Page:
More Related News

Northern Ireland police respond to three security alerts, days after car bomb
Northern Ireland police respond to three security alerts, days after car bomb
  • World
  • 2019-01-21 22:43:11Z

There was a large bang and black smoke from the first van after an army bomb disposal robot entered. "Although there has been a reduction in the overall number of national security attacks in recent years, vigilance in the face of this continuing threat remains essential," she told Britain

Brexit: the Irish backstop issue explained
Brexit: the Irish backstop issue explained

Keeping the Irish border free-flowing has proved to be the toughest issue to resolve in negotiating Britain's exit from the European Union. The Brexit deal between London and Brussels -- overwhelmingly rejected last week by British MPs -- contains a so-called backstop provision ensuring that if all else fails, the border will remain open. The boundary on the island of Ireland between Northern Ireland -- part of the United Kingdom -- and the Republic of Ireland is currently invisible.

Facebook to add 1,000 new jobs in Ireland by year-end
Facebook to add 1,000 new jobs in Ireland by year-end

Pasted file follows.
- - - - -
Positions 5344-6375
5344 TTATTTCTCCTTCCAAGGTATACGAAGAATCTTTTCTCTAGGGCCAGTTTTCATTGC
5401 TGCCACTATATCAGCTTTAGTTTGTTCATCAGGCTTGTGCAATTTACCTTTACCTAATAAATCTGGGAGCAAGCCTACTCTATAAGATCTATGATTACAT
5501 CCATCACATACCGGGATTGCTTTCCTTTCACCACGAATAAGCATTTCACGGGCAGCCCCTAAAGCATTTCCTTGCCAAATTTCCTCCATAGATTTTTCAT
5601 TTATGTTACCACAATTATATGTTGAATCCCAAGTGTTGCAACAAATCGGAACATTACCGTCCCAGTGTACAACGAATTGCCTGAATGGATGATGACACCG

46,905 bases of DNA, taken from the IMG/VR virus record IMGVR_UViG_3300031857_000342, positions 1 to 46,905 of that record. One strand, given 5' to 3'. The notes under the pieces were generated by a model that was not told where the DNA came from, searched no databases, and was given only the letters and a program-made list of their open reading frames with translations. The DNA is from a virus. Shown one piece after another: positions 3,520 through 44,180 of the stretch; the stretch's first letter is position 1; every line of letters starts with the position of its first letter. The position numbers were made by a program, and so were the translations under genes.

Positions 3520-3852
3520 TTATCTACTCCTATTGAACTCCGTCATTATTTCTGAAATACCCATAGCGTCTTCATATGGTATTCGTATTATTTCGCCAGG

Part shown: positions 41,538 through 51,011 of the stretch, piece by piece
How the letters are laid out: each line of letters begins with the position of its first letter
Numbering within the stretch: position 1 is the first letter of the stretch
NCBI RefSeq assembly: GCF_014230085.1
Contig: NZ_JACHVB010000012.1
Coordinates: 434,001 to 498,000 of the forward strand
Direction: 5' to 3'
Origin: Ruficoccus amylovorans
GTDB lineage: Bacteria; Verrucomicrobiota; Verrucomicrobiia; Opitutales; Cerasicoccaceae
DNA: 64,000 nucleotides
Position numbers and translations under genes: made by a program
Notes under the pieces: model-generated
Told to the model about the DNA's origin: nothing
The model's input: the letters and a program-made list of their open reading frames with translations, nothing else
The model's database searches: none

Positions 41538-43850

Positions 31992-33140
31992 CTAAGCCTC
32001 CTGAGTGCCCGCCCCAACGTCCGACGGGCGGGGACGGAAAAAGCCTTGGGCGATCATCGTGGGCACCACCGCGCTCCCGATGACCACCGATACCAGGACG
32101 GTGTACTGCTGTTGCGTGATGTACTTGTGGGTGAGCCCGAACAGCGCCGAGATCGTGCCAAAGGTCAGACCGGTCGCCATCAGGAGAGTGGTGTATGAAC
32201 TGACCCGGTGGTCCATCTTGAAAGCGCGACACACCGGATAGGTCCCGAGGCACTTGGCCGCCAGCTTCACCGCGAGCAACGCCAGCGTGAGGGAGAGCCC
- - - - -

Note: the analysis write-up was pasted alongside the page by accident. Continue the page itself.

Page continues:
The social media giant Facebook will hire an additional 1,000 people at its international headquarters in Dublin this year, the second major jobs announcement from a U.S. multinational in Ireland in a matter of days. Facebook began work late last year on a new office campus in Dublin, which it said would quadruple its footprint in the city and allow it to more than double its current staff of over 4,000. In a speech in Dublin on Monday, Chief Operating Officer Sheryl Sandberg said the new roles would primarily be assigned to its crackdown on abuse taking place on its site.

Ireland Rules Out Time-Limited Backstop: Brexit Update
Ireland Rules Out Time-Limited Backstop: Brexit Update

The International Monetary Fund renewed its warning about the economic risks of a no-deal Brexit to the U.K. It held its 2019 growth forecast at 1.5 percent, saying fiscal stimulus in the last budget would offset the dampening effect of Brexit, but warned "substantial uncertainty" surrounds the estimate. "This baseline projection assumes that a Brexit deal is reached in 2019 and that the U.K. transitions gradually to the new regime," the IMF said in its World Economic Outlook Update on Monday.

Four arrested over Northern Ireland car bomb, New IRA suspected
Four arrested over Northern Ireland car bomb, New IRA suspected
  • World
  • 2019-01-20 21:28:43Z

"Fortunately it didn't kill anybody but clearly it was a very significant attempt to kill people here in this community," Assistant Chief Constable Mark Hamilton told a news conference. Police in Northern Ireland and European Union member Ireland have warned that a return to a hard border

Leave a Comment

Your email address will not be published. Required fields are marked with *

Cancel reply


Top News: Latin America

Hit "Like"
Don't miss any important news
Thanks, you don't need to show me this anymore.